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The intermittent fasting diet plan is a way to easily boost weight lost by eating dinner earlier and breakfast later. This increases your daily fast.
For those who love food, even truly healthy food, the idea of fasting can be off-putting. Is intermittent fasting any different from the thousands of other fad and celebrity diets? Is it just another master juice cleanse or HCG diet?
And, is there any scientific research that proves the intermittent fasting diet plan can promote health?
A Beginner’s Guide to the Intermittent Fasting Diet Plan
A brief primer on intermittent fasting
Intermittent fasting, first of all, is not an extreme fast. There are several different theories, styles and programs relating to intermittent fasting, such as alternate-day fasting, whole day fasting and time-restricted fasting. Here’s a few examples of protocols for implement intermittent fasting:
- Eat an early dinner, say at 6 p.m. Don’t have breakfast until 10 a.m. at the earliest. That would give the body a fast of 16 hours.
- Dramatically reduce your calorie intake two days a week to 500.
- Ignore hunger signals if you’re hungry. It’s just your body’s way of saying, “I need more sugar, please feed me.” In other words, it’s not true hunger.
What’s the purpose of intermittent fasting?
Proponents claim that intermittent fasting can help flush toxins out of the body. Especially if one has not eaten a healthy diet. The intermittent fasting diet plan can starve the yeast overgrowth in the body. However, this occurs only if the person breaks the fast with healthy food such as bone broth soup or steamed vegetables, for example.
Many people believe that you must eat smaller meals more often in order to boost your metabolism. Proponents of intermittent fasting counter this claim. They argue that a period of a brief fast can actually reset the metabolism, making it more effective.
Those who partake in intermittent fasting also claim that this method of eating can restore blood sugar to healthy, normal levels.
Is there any scientific validation to these claims?
There appears to be. Caloric restriction has long been proven in studies to extend lifespans (although most of these studies have been done on non-humans). But for most people, long-term fasting is not an option. After all, what’s the joy in living to 100 if you can’t eat good food? Therefore, more researchers are studying the effects of intermittent fasting.
A study in Nutrition Reviews concluded alternate-day fasting trials of 3 to 12 weeks in duration appear to be effective at reducing body weight, body fat, total cholesterol, and triglycerides in normal-weight, overweight, and obese humans. Whole-day fasting trials lasting 12 to 24 weeks also reduced body weight and body fat, and favorably improved blood lipids. The researchers, however, also concluded, “Future studies should examine long-term effects of intermittent fasting and the potential synergistic effects of combining intermittent fasting with exercise.”
Researchers of a study in Rejuvenation Research found intermittent fasting decreased plasma insulin levels, but also concluded additional research is needed to further assess the potential benefits and risks.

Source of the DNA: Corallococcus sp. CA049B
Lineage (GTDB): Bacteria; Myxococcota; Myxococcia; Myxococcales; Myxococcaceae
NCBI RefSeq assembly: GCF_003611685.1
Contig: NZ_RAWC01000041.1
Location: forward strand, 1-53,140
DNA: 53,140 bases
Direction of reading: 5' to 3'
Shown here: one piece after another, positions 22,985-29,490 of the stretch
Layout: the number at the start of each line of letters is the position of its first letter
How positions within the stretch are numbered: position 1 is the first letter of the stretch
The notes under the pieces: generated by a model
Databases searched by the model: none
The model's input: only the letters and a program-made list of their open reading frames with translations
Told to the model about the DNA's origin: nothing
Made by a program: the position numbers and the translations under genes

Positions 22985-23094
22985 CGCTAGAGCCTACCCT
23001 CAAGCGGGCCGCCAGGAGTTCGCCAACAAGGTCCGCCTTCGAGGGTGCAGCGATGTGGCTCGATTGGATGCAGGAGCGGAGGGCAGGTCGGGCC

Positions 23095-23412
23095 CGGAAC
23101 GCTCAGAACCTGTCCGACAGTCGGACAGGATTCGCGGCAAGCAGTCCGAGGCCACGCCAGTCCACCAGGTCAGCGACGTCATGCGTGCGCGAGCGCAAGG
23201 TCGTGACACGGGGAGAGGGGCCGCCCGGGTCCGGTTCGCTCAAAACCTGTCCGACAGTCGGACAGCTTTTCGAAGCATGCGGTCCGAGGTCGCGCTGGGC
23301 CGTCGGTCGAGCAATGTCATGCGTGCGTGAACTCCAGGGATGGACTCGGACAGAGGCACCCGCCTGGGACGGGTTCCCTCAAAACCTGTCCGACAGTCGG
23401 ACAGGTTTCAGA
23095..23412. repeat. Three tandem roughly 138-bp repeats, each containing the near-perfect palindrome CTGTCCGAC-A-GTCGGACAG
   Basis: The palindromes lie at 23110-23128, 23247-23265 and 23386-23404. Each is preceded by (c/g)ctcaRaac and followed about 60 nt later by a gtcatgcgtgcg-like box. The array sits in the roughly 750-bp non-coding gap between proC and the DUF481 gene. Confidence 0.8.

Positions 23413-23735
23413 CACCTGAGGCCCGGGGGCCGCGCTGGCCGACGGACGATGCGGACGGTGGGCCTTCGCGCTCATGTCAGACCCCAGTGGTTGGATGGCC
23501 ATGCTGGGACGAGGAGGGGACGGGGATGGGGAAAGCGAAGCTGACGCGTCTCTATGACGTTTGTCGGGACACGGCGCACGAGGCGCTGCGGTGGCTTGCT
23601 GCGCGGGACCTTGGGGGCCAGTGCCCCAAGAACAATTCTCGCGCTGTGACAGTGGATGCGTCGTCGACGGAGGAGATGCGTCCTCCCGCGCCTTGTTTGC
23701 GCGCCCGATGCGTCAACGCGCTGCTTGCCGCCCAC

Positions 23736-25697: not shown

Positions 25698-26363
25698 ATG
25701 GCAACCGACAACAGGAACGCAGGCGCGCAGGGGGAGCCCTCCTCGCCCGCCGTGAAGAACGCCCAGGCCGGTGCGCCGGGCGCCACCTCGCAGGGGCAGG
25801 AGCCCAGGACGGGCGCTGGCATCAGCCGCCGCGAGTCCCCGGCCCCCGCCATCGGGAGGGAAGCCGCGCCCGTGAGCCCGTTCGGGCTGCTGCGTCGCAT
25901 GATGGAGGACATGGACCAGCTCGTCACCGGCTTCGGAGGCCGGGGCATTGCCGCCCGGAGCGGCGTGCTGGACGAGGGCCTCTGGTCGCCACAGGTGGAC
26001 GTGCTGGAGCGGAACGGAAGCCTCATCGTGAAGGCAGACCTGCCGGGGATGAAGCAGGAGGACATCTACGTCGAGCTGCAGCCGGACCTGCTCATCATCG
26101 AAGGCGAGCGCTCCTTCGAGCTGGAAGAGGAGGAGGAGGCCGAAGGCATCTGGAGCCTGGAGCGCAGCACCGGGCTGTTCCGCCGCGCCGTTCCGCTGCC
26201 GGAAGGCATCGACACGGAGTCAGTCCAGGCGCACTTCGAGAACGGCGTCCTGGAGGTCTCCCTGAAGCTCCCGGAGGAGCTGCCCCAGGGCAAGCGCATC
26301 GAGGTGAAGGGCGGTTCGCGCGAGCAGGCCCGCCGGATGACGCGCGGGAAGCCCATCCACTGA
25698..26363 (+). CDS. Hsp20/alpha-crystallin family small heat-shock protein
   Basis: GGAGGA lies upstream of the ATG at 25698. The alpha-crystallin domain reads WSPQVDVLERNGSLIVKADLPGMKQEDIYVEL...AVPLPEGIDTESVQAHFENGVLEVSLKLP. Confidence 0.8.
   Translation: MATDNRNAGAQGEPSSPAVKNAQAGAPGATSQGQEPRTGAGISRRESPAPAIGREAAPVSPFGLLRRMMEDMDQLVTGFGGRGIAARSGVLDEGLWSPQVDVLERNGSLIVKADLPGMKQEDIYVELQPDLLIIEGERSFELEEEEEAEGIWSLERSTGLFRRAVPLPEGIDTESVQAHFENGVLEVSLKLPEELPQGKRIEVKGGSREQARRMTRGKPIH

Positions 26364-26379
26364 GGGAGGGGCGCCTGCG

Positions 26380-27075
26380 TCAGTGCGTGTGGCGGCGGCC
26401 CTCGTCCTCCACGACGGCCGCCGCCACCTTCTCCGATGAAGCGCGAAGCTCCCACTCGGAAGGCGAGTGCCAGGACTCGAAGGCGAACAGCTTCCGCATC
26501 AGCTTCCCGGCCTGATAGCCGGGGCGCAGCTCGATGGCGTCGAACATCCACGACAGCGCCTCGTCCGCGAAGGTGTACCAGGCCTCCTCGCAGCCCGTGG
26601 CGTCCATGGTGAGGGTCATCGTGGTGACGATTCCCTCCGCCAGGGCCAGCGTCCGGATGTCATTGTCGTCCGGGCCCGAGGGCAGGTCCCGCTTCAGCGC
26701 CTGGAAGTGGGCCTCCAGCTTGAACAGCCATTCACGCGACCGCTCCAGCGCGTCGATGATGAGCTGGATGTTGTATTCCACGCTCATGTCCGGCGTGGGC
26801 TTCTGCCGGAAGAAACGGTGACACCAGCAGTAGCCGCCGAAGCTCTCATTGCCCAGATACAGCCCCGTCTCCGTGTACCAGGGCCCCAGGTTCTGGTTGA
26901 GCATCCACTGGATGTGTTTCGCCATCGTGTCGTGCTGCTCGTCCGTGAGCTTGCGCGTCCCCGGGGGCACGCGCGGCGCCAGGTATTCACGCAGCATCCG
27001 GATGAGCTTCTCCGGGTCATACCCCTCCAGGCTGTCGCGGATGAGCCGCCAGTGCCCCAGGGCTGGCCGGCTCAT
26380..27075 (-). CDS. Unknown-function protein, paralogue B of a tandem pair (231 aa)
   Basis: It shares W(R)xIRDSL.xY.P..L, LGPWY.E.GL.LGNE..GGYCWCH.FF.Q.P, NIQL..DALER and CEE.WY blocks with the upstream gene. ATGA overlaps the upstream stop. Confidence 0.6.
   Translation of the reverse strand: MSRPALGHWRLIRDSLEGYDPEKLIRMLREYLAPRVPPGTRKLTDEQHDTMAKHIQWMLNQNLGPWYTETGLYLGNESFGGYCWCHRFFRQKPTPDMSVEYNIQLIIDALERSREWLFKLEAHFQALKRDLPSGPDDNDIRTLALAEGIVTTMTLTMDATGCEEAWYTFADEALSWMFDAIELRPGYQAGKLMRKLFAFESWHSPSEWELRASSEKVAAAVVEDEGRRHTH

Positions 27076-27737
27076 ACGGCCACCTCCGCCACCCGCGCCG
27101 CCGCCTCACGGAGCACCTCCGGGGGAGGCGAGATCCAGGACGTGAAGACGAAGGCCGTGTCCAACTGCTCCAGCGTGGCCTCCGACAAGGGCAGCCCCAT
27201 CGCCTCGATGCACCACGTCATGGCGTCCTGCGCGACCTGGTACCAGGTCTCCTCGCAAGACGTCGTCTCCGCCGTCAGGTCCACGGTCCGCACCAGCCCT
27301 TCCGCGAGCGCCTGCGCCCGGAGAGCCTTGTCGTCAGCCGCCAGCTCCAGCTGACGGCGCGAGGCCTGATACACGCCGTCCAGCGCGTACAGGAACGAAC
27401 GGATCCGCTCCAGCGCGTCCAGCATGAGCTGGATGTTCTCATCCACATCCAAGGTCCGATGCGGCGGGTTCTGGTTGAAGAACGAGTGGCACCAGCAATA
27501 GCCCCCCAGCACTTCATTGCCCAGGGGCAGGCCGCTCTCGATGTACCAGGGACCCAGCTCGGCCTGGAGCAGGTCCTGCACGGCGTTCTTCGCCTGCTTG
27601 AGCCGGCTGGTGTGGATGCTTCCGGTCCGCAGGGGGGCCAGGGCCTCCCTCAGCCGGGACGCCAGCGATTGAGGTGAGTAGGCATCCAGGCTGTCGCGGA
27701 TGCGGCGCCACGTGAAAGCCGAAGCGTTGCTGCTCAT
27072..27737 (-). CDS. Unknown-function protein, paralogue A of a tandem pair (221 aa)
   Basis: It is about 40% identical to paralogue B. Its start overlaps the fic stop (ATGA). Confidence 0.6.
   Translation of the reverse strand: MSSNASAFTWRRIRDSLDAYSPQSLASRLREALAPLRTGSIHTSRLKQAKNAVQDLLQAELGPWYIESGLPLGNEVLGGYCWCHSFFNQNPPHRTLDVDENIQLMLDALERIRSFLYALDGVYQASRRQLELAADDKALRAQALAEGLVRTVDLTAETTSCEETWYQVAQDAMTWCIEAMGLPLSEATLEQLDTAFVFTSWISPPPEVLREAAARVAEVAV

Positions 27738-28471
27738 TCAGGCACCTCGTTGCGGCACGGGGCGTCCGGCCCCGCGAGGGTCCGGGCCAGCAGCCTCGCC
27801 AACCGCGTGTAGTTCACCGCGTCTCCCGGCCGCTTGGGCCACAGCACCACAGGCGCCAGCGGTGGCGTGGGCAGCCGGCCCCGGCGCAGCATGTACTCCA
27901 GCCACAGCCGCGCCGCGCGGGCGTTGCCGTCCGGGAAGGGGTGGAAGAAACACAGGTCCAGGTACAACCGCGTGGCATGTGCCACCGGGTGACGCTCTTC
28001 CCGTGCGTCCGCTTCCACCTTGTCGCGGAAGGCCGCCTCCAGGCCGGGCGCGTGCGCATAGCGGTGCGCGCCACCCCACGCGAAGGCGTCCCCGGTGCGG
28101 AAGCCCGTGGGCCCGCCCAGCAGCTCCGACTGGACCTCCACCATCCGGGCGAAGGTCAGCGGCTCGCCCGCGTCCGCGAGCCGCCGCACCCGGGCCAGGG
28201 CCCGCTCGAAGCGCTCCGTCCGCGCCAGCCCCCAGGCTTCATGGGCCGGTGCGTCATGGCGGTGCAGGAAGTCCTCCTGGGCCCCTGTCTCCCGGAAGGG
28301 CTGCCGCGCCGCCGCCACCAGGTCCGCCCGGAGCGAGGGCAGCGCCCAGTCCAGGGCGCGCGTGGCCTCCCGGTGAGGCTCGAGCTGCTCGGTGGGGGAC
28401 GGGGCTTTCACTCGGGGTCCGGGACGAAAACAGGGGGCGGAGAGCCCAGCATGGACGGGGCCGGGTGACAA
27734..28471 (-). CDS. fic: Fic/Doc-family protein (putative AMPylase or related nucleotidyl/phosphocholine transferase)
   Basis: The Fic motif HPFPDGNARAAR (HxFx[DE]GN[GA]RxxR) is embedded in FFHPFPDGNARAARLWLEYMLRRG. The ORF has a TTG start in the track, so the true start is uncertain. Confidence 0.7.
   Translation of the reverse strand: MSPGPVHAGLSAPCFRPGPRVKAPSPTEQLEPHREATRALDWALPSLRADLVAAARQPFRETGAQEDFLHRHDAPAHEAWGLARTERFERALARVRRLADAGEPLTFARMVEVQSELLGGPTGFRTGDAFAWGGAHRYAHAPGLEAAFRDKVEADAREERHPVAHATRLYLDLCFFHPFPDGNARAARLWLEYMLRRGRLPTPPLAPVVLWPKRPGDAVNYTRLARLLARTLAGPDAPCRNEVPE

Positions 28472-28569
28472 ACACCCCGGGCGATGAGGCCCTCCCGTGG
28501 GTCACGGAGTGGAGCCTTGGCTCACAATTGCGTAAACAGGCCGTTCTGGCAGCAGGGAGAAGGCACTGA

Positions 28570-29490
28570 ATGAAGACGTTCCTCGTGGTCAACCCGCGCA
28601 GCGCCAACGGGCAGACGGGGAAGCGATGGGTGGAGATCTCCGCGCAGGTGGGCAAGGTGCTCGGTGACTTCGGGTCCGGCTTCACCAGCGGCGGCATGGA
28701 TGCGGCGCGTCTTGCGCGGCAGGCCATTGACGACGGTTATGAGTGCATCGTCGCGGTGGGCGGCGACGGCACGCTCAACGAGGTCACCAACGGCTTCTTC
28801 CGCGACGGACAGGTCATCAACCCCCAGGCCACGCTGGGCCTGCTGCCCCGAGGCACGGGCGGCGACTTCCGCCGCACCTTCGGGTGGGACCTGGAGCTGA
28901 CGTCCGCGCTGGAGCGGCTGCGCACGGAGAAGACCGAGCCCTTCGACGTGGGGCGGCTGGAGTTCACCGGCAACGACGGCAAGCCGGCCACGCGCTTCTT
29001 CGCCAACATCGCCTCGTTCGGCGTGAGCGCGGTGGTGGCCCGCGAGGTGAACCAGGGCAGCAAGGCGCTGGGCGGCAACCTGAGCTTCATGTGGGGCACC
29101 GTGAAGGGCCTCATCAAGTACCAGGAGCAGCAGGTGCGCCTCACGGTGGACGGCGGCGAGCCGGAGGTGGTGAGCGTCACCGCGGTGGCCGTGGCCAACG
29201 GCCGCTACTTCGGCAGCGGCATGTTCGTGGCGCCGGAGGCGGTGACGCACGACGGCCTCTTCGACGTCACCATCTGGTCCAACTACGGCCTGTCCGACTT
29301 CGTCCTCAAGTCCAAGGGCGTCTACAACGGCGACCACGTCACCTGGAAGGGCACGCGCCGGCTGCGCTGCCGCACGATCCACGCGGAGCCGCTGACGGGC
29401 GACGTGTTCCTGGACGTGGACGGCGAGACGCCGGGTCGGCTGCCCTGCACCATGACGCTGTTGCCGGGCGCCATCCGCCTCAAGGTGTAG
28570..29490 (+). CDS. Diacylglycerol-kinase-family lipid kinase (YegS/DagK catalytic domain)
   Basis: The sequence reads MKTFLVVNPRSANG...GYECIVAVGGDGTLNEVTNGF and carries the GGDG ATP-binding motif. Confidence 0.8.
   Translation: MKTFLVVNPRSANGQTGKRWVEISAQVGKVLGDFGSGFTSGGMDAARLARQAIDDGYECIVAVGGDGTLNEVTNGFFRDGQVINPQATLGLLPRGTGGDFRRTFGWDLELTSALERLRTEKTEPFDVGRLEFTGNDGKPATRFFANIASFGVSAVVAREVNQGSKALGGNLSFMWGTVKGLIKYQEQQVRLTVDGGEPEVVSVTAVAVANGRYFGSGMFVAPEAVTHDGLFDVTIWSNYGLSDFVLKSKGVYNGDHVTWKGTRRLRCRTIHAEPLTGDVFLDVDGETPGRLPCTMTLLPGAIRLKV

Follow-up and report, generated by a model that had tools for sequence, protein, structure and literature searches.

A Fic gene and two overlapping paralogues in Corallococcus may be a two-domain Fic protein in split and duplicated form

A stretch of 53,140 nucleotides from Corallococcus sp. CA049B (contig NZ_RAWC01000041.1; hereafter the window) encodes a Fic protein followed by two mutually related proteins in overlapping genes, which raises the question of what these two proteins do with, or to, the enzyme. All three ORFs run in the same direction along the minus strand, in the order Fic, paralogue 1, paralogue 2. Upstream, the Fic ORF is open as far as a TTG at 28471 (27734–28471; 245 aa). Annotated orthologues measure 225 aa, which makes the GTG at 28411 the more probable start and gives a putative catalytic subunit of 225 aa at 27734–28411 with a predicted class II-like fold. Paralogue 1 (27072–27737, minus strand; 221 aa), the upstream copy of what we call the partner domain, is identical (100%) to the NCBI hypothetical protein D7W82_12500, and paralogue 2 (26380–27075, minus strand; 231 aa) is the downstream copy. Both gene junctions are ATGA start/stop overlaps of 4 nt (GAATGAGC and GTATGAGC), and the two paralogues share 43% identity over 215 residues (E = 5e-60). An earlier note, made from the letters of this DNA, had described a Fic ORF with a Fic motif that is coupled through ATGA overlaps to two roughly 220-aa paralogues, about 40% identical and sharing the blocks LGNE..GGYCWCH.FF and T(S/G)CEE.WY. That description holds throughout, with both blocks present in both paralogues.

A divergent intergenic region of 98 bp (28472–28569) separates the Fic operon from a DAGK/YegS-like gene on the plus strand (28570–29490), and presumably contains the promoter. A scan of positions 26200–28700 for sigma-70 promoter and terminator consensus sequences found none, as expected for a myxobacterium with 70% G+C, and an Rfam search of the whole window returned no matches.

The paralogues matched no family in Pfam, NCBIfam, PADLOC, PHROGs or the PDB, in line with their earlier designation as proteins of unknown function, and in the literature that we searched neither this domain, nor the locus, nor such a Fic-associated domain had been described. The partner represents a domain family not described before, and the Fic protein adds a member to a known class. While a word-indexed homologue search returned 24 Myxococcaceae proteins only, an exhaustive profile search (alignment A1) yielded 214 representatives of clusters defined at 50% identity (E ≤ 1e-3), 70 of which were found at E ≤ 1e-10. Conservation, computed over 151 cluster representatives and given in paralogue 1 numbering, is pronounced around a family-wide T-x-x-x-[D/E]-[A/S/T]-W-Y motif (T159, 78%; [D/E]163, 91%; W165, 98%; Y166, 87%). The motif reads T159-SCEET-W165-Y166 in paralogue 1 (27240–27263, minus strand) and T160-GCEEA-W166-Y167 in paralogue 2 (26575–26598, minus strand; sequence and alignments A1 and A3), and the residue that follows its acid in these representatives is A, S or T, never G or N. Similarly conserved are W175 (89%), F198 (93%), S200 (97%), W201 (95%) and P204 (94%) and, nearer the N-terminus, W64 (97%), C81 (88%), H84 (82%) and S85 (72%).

Is fasting healthy?
Fasting, in general has been shown to “improve biomarkers of disease, reduce oxidative stress and preserve learning and memory functioning,” says an article published in the Canadian Medical Association Journal (CMAJ). One danger mentioned in the article, though, is that participants of the 5-2 program (intermittent fast two days a week) often feel that they can binge on whatever they want on the five days they are not fasting. That of course, negates any healthful benefits that may result from intermittent fasting.
The article in CMAJ also references Mark Mattson, senior investigator for the National Institute on Aging, part of the US National Institutes of Health. Mattson is quoted as saying, if you don’t eat for 10–16 hours, your body will go to its fat stores for energy, and fatty acids called ketones will be released into the bloodstream. This has been shown to protect memory and learning functionality, says Mattson, as well as slow disease processes in the brain.
So does that mean you shouldn’t eat late at night?
Not necessarily. You can still get the health benefits of intermittent fasting even if you have some cottage cheese or turkey slices for a midnight snack (or other non-insulin raising late-night snack). But if you do have a bite at midnight, try not to eat again until at least 10 a.m.
Advocates of the intermittent fasting diet plan exuberantly celebrate the fact they can master their hunger response. Thankfully, we live in an abundant society and don’t have to worry about starvation, which is true hunger. Also, if your diet includes lots of sugars, it could be your body’s way of calling out for more sugar. Again, this is not true hunger.
Important to reiterate here is that when you break a fast, in order to boost health, you must eat healthy foods. This means other than a modest amount of fructose (say, a handful of berries) or starch (sweet potato), you can’t eat anything that will spike your blood sugar level. Otherwise, there’s really no point to intermittent fasting. It’s like drinking a Diet Coke while eating a Big Mac.
Want more information on the intermittent fasting diet plan? See this post for the top 5 benefits.